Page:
Explodes in a 5x5 blast radius with a large shrapnel range. High-Explosive Fragmenting-Antipersonel. A small, but deceptively strong fragmentation grenade that has been phasing out the M15 fragmentation grenades alongside the M40 HEDP. Extremely lethal near the epicenter of the explosion. Capable being loaded in the M92 launcher, or thrown by hand.
M4A3 extended mag.png
M4A3 Extended Magazine
Holds twenty two (22) 9mm pistol rounds. Holds more ammunition than the standard magazines.
M4A3-AP-mag.png
M4A3 Armor Piercing Magazine
Holds twelve (12) 9mm pistol rounds. Has better armor penetration, but lower overall damage.
M41A-AP-mag.png
M41A Armor Piercing Magazine
Holds forty (40) 10x24mm AP rifle rounds. Has better armor penetration, but lower overall damage.
M41A-extended-mag.png
M41A Extended Magazine
Holds sixty (60) 10x24mm rifle rounds. Holds more ammunition than the standard magazines.
L42 extended mag.png
L42A Extended Magazine
Costs:6 points
Holds thirty five (35) 10x20mm rounds. Holds more ammunition than the standard magazines.
L42 AP mag.png
L42A Armor Piercing Magazine
Costs:6 points
Holds twenty (20) 10x20mm rounds. Has better armor penetration, but lower overall damage.
SU6 Smart Pistol Magazine.png
SU6 Smart Pistol Magazine
Costs:9 points
Holds fifteen (15) rounds. Has specially made bullets for IFF capabilities.
Attachment: Benefits: Drawbacks:
Angled Grip.png
Angled Grip
Costs:10 points


Wielded:
  • Majorly decreased wield delay
  • Slightly decreased recoil
  • Slightly increases accuracy
  • Slightly decreased bullet spread


One Handed:
  • Slightly decreases accuracy
  • Slightly increased bullet spread
Both:
  • Increased weapon size
Extended barrel.png
Extended Barrel
Costs:10 points


Wielded:
  • Moderately increases accuracy
Both:
  • Slightly decreases damage
Gyro.pngGryoscopic Stabilizer
Costs:10 points


Wielded:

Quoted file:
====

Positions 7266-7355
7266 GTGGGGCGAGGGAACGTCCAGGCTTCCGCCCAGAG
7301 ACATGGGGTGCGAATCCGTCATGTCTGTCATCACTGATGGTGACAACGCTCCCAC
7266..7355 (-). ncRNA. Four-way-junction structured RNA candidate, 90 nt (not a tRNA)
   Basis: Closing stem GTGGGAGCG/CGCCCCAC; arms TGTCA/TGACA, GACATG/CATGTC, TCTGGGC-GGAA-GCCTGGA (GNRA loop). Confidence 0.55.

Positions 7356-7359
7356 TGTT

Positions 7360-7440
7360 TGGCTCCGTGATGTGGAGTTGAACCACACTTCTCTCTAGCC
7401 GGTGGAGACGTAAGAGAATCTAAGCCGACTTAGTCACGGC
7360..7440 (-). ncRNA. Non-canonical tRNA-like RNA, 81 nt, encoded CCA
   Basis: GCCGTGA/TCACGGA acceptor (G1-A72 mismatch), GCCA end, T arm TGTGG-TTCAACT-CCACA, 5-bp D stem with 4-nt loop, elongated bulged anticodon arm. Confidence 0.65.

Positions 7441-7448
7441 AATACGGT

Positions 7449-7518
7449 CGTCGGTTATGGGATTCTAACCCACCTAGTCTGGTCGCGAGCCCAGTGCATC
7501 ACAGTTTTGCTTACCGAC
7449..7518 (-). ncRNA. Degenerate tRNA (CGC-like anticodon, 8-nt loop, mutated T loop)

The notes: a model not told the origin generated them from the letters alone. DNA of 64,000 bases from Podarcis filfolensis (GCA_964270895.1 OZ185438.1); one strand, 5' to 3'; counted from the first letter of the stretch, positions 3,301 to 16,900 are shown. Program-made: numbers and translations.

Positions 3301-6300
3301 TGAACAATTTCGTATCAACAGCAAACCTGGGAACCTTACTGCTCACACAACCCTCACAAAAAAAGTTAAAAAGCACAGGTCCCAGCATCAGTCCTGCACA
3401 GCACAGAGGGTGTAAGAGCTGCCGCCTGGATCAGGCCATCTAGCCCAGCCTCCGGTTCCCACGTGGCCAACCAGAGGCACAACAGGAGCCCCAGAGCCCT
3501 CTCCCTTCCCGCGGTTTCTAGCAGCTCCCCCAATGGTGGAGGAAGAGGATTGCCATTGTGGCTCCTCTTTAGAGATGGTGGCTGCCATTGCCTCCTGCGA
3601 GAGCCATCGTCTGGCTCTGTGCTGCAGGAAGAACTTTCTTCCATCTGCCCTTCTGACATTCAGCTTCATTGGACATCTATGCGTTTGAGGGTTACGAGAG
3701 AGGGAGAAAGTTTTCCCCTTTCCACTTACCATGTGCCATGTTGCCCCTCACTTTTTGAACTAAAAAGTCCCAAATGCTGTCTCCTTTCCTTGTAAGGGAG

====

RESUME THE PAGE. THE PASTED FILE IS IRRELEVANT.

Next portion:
• Slightly reduces bullet spread
One Handed:
  • Majorly reduces bullet spread
  • Moderately increases accuracy
  • Greatly reduces the accuracy penalty for moving.
Both:
  • Moderately reduces burst spread
Both:
  • Moderately decreased firing speed
L42Sstock.png
L42A-MK1 Synthetic Stock
Costs:10 points
Wielded:
  • Moderately increases accuracy
  • Moderately reduces recoil
  • Greatly reduces bullet spread
  • Slight reduction of the accuracy penalty when moving
Wielded:
  • None
One Handed:
  • Moderately decreases accuracy
  • Moderately increases recoil
  • Greatly increases bullet spread
Laser sight.png
Laser Sight
Costs:10 points
Wielded:
  • Slightly increases accuracy
One Handed:
  • Slightly increases accuracy
  • Moderately reduces bullet spread
  • Slight reduction of accuracy penalty when moving
Both:
  • None
Undershot.png
U7 Underbarrel Shotgun
Costs:10 points
Both:
  • Adds the ability to fire three semi-auto buckshot rounds
  • Reloadable with additional buckshot
  • Toggled by using Activate Weapon Attachment Activate-Weapon-Attachment.png


Both:
  • The short barrel reduces the ammo's effectiveness
  • Slightly reduced accuracy compared to an actual shotgun
  • Slightly reduced knockdown/stun effect compared to an actual shotgun
  • Slightly reduced accuracy when firing compared to an actual shotgun
  • Moderately reduced damage compared to an actual shotgun
M37 stock.png
Shotgun Stock
Costs:10 points
Wielded:
  • Moderately increases accuracy
  • Moderately reduces recoil
  • Greatly reduces bullet spread
  • Slight reduction of the accuracy penalty when moving


Both:
  • Slightly increases weapon melee damage